4634 COMMISSIONER PENNEFATHER: Thank you.
4635 You have also proposed a focus on news -- and this is why I wanted to get to this question -- news that targets a youth market dealing with issues of concern to youth. I think this is page 177.
4636 MR. McBRIDE: Yes.
4637 COMMISSIONER PENNEFATHER: How will you determine what are youth-related issues?
4638 MR. McBRIDE: Many of the youth-related issues are the same issues that involve adults but their perspective on it is different.
4639 I have a couple of examples that will illuminate that concept.
4640 One of them is a recent civic strike here in Vancouver where the bulk of the city services were suspended for a number of weeks and there was garbage piling up on every street corner, and that's an adult issue. Taking out the trash is for grownups. And you heard about that on every newscast, but what you never heard on those newscasts was that the swimming pools were closed, and the skating rinks were closed, and the facilities for youth services were closed, but you wouldn't hear a thing about it on any radio station in this market.
4641 The other example is the issue of gay and lesbian clubs in high schools, which is a very hot issue in the Surrey school district right now. Over the course of this discussion, which has been going on for some time, we have heard from every expert on earth, we have heard from every trustee, every hopeful trustee, and every parent they could round up. But in my recollection, I haven't seen a single high school student represented in the media discussing that issue. That is how our news will be a little bit different.
4642 COMMISSIONER PENNEFATHER: Will you be having young people as part of the team through your mobiles, and so on? How will you get that?
4643 MR. McBRIDE: Well, they will certainly provide the commentary for the news, when we are looking for the opinion component of the news. Rather than speculating or calling in an adult to interpret the situation, we will be physically in the community so the ability to get a response from the community exists every single day.
4644 COMMISSIONER PENNEFATHER: My question was related to perspective. As you know, we had a phrase some years ago, "It matters who makes it", in other words perspective is part and parcel of who is holding the camera and writing the script, and in that sense we discussed earlier the diversity of the youth, not just your young, but your young from a variety of backgrounds.
4645 How will you maintain a balance of information with such a diverse society? How will you ensure that in fact the news is also reflecting that diversity?
4646 MR. McLAUGHLIN: Commissioner, I'm an old newsman. I started in the business in news. And I can assure you that our station will cover the basics and the bases at all times. Things like the American election and things that are more adult-focused are still of importance and interest. They may not get the scope, in other words we may not dwell upon them, but they will indeed be reported.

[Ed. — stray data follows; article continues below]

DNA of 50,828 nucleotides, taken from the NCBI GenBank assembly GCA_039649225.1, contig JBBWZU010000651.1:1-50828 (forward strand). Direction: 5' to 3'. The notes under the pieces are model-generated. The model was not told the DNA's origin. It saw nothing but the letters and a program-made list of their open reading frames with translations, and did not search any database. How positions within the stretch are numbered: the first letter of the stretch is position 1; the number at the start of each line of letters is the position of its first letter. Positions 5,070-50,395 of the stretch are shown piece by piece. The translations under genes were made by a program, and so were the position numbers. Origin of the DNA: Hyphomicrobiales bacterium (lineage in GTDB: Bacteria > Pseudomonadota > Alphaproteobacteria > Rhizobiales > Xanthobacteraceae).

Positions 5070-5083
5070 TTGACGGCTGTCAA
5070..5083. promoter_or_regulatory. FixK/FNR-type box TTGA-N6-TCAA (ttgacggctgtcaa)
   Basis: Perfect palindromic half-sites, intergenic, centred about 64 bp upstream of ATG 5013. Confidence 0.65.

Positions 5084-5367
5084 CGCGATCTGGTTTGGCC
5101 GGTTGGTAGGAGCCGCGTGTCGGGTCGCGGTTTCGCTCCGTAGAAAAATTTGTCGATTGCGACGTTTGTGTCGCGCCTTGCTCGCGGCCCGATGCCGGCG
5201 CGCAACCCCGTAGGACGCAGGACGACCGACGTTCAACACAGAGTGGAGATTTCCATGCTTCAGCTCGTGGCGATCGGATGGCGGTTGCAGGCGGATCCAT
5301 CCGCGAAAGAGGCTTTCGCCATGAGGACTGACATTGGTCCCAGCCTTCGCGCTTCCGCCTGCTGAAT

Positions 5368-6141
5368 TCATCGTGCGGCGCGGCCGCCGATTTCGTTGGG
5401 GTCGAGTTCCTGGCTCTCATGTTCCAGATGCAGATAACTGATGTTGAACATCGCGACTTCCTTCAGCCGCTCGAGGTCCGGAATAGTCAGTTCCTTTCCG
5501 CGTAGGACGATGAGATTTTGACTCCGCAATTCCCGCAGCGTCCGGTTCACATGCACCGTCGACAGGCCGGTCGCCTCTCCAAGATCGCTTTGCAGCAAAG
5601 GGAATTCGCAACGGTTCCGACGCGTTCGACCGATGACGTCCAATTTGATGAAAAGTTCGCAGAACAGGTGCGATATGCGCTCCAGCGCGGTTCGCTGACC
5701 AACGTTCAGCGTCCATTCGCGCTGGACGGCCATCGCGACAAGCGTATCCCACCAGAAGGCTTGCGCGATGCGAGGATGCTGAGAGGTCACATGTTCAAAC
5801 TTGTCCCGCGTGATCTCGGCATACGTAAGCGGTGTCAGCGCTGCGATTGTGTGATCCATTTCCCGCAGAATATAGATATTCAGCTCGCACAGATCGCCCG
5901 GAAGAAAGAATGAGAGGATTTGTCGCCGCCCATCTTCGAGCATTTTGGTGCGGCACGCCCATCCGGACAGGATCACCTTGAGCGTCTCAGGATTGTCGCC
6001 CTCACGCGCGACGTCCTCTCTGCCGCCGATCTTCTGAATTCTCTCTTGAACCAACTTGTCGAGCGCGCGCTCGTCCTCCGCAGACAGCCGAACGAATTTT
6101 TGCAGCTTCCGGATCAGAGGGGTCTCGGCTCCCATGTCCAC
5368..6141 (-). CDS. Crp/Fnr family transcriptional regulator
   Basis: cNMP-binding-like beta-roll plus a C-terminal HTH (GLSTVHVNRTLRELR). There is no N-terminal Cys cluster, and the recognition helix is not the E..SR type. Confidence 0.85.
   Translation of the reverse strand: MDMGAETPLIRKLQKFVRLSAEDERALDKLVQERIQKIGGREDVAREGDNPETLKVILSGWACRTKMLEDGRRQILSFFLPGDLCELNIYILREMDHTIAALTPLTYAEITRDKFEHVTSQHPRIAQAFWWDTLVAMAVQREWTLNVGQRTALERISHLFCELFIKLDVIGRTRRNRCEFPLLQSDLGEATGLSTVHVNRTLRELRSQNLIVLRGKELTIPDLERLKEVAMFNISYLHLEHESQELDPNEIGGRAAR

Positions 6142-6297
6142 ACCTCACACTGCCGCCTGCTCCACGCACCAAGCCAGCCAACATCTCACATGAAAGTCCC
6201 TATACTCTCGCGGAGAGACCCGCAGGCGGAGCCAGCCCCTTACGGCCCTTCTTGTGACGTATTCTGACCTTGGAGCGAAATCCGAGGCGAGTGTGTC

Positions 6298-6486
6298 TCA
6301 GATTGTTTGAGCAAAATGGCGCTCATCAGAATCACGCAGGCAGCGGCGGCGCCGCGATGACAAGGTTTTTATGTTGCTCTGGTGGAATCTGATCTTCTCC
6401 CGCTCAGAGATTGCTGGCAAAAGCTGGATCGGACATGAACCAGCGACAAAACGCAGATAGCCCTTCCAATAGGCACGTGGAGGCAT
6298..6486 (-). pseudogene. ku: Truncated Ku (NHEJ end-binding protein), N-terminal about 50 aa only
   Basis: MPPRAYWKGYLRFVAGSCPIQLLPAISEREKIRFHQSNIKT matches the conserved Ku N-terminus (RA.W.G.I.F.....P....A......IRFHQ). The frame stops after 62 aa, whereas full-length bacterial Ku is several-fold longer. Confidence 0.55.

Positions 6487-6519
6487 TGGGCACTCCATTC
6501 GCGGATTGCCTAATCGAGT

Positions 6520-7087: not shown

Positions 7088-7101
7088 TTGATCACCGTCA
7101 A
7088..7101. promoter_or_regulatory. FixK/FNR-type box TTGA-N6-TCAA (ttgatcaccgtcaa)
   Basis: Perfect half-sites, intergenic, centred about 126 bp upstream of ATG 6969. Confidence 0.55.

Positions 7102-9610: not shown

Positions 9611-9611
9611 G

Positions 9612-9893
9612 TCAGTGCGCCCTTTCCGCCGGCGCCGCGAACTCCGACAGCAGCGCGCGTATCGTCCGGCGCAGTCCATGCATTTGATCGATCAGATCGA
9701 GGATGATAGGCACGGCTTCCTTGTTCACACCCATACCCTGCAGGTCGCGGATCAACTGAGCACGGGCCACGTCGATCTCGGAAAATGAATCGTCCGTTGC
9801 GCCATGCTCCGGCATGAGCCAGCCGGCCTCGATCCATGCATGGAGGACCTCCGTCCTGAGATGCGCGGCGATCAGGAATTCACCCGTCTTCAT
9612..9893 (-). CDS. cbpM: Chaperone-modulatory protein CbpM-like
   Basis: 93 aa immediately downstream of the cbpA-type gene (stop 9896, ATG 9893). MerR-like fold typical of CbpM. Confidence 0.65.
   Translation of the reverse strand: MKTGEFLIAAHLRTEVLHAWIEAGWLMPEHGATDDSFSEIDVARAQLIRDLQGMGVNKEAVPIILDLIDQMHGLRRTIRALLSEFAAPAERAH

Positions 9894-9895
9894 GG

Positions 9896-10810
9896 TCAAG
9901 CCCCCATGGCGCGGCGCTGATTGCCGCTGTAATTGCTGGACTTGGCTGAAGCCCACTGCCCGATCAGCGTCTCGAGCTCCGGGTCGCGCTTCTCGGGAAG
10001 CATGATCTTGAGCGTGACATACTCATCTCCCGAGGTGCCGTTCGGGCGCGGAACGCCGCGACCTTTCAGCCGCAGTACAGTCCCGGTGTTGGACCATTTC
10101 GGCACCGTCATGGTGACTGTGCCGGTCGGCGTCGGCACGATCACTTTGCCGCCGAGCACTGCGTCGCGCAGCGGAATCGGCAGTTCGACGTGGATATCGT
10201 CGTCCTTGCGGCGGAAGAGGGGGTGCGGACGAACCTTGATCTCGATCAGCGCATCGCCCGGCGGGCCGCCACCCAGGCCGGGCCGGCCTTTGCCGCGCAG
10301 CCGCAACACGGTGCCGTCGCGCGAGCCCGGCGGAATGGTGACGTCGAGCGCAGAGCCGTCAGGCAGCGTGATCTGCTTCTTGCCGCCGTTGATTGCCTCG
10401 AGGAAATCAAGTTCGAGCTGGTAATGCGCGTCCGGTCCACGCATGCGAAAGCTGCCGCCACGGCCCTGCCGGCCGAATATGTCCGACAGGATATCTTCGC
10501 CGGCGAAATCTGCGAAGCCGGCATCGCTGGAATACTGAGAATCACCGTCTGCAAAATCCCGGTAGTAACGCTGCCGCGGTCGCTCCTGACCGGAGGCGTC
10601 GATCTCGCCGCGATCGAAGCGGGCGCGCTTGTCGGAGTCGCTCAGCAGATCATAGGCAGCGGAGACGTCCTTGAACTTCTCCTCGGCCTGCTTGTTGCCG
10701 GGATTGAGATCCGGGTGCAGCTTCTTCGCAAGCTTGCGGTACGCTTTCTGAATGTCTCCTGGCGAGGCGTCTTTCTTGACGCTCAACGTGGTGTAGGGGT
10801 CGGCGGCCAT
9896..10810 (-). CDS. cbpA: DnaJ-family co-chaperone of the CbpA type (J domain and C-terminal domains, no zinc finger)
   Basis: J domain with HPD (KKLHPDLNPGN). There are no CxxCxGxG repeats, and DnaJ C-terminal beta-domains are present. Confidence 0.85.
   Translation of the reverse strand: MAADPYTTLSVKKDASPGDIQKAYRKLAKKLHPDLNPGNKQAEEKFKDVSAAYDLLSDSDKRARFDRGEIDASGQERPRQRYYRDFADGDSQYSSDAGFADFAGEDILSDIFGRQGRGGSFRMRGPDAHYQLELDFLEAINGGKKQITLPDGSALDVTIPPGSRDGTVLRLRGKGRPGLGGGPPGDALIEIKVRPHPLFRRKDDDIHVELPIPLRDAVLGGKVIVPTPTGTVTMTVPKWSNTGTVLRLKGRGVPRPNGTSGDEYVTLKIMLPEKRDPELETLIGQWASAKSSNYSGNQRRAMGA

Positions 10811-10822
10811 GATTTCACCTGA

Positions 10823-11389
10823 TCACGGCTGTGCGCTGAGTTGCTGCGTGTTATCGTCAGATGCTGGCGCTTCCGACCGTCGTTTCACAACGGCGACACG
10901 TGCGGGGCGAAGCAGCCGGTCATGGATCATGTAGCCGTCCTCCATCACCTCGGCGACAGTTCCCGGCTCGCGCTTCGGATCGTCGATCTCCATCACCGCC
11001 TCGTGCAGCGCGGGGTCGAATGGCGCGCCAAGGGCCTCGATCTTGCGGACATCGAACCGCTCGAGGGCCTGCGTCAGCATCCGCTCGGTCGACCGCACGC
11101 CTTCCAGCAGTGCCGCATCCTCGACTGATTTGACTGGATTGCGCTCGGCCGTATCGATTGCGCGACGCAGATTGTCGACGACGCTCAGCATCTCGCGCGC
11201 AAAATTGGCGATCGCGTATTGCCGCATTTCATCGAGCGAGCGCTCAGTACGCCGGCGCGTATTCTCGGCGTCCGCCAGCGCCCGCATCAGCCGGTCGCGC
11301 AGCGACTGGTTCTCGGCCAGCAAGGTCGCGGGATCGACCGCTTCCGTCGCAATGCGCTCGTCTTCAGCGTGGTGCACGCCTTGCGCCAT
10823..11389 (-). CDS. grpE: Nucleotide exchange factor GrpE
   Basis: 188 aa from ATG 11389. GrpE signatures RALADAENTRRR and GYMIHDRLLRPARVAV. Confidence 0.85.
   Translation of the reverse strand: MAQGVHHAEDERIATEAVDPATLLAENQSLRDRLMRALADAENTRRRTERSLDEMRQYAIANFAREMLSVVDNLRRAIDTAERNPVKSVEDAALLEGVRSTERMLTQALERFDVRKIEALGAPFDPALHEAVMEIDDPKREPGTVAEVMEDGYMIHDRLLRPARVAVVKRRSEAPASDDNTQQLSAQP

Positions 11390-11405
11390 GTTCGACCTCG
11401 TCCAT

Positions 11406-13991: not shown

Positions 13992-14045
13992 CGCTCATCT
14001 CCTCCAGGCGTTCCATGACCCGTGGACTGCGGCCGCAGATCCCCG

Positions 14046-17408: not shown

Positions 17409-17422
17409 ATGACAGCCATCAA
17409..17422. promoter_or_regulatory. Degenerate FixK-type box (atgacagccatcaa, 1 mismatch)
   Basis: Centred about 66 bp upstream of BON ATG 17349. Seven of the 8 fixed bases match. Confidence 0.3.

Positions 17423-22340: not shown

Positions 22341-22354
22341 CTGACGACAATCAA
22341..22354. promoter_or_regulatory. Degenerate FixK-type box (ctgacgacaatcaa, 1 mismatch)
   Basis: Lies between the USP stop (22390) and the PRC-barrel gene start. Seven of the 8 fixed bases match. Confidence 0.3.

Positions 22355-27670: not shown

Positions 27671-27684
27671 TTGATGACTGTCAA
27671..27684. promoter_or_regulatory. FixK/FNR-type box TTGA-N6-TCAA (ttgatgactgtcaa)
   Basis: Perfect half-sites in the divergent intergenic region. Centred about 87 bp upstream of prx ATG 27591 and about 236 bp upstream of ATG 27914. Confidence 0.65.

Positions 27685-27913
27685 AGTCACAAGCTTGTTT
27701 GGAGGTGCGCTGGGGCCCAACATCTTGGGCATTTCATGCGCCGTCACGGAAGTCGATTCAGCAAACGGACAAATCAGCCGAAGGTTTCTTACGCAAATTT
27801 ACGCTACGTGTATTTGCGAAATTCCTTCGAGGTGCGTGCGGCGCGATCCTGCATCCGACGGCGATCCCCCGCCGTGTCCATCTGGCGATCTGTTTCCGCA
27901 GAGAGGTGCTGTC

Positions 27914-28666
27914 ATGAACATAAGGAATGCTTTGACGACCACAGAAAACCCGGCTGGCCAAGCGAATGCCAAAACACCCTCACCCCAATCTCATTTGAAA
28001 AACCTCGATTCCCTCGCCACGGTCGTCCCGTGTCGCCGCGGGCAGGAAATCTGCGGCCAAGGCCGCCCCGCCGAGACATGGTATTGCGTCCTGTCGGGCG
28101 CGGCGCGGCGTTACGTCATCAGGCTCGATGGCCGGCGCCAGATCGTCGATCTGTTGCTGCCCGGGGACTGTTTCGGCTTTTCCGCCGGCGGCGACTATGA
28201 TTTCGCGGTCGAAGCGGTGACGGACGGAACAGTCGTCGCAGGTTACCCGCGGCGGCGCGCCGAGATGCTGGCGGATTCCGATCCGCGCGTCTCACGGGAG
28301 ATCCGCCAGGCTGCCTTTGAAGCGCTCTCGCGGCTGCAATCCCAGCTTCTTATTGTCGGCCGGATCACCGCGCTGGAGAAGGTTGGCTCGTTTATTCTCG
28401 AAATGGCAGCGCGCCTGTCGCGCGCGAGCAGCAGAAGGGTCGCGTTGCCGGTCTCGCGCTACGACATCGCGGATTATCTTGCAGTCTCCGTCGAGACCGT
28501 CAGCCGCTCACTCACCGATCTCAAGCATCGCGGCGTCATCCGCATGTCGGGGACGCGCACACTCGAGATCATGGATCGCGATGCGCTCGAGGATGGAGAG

4647 The same is true -- the easiest example I can use is the sports area. While the adult radio stations talk about the B.C. Lions football game or the Canucks hockey game, yes, we will give those scores, because the kids like football teams too, but what we are going to cover are the high school basketball games and the high school football games, university games, those sorts of things which no one touches.
4648 COMMISSIONER PENNEFATHER: I appreciate that comment although you might have done better to mention the Montreal Alouettes this time.
--- Laughter / Rires
4649 THE CHAIRPERSON: Oh, not so fast!
--- Laughter / Rires
4650 COMMISSIONER PENNEFATHER: See everywhere, but it has been a while.
4651 But I was really after a slightly different point. Let me ask it a slightly different way as well. You say, on page 173 of your application, that:
"Our intent is to hire staff that accurately reflects the multicultural make up of the Vancouver market". (As read)
4652 And on the same page, you say:
"The Future staff will be strongly encouraged to interpret events according to cultural influences and viewpoints and we will work towards providing the isolated communities with a common voice in Vancouver". (As read)
4653 I was also asking the question on this line: How will you specifically and concretely assure that staff reflects the multicultural nature of our society and that what we hear, yes, from both a youth and adult point of view, but also reflects the multicultural diverse society which you have laid out as one of the bases for your proposal?
4654 MR. McLAUGHLIN: One of the sort of happy results of all that time I spent in the community doing those interviews is that I now have contacts throughout that community, and indeed, I guess you could say I have made promises to a number of people out there, that I would do exactly what you are talking about.
4655 But I have the ability to go back to those people when it is time to hire, and go back to all those contacts, and get access because many of those agencies act as employment counselling for their people and whatnot. So that is one source.
4656 There is also -- let me just make an overall point first.
4657 We have to reflect the community we live in in terms of our staffing. We need people on staff to go to. We need to be able to go to somebody on staff to ask them about their community and about their culture and those sorts of things. If we don't have that access, we can't ever hope to reflect it back to our listenership community. So it is a very important consideration.